Who knows which bit kept him awake; worrying about where people were, the routine being broken, his room having something missing, or simply missing his brother. Chances are he won't be able to sleep in the same room as his brother forever, and helping him cope with change is part of what we try  to do in an effort to help him learn how to cope in society and life.   Perhaps next time we will think about a plan to help him go to sleep. You never know, maybe by then he'll be better able to tell us how he feels or better able to understand what's happening too.

Our links
The slightest change can be difficult
Different possibilities can be OK
Our Melatonin mission
Our five year old autistic son was the first to mourn our dog passing

Other links
NAS - Obsessions, repetition, routines

As listed on:

Sticky Mud and Belly Laughs Run Jump Scrap!


  1. Its sounds like your son did so well going camping! What an achievement! Sorry it was so difficult for your other son. I expect your posts help other parents going through the same struggles. Love the baked bean dinners and movie, I need to get my husband to go out more ;)

  2. Sorry to hear that a break in routine caused your son not to sleep. Sleep is so important for everyone. #mmbc

  3. Sorry to hear David had a bit of a tough time trying to adapt whilst his brother was away. Change can certainly have a big impact, it's lovely they have such a close bond though.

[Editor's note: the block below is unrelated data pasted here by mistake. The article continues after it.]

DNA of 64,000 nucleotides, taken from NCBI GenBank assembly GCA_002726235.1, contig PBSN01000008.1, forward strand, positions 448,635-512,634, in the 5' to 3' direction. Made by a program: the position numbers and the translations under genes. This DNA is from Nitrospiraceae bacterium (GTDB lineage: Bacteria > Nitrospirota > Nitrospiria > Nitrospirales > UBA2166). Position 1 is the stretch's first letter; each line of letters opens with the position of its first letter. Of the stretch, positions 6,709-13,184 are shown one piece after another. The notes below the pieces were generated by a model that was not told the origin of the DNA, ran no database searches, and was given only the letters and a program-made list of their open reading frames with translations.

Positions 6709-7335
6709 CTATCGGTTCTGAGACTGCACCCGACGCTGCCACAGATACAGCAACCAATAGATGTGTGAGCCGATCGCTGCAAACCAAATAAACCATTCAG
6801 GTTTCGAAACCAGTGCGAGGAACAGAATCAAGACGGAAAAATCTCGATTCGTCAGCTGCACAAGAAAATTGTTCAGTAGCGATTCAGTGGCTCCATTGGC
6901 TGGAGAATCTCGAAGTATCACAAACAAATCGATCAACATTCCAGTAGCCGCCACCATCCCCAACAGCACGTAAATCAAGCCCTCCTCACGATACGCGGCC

Hope Anthony enjoyed his camping trip too.

    Thanks so much for joining in with #MMBC Hope to see you next week x

    1. Anthony LOVED his camping trip, we've managed to all get away once together since then too. I know, I'm totally surprised we managed it!

  4. Oh goodness Hun it is so hard to figure out exactly what is causing the behaviour, like solving a million piece puzzle of a clear blue sky. We use a calendar, to help plan for events coming up and count how long etc but maybe he is a bit young to understand. I hope you have caught up on your lost sleep. ❤️ Thank you for linking up to #ablogginggoodtime 🎉

    1. Yes, Anthony does well with knowing what's happening but David seems mostly best to cope with what's happening next. That seems to be his limit, at least at home. Thanks as always for commenting.

  5. Bless what a challenge for him and you. I think it feels very strange when someone isn't in the room when you are used to it. I find it hard when hubby is away. Hope you have all caught up now and David feels less tired. Thanks for sharing with #bestandworst x

  6. I'm like you when my husband is away - late nights and odd foods - even though I know neither are good for me! How hard for your poor little one to miss his Daddy and brother so much though. It's so touching and yet so hard. Hope it gets better with time. #BestandWorst

  7. Not having our loved ones there to reassure us is hard even as adults, never mind a child and a child with autism especially. My son has recently gone through a period of anxiety before bedtime and struggling getting to sleep without someone or something (the cat) with him so I sympathise greatly. I'm glad he got he got back to normal when they returned. Tor xx #BloggerClubUK

    1. At least our normal means he gets some sleep - we are still working on sleeping through at 5 years old though! Thanks for commenting.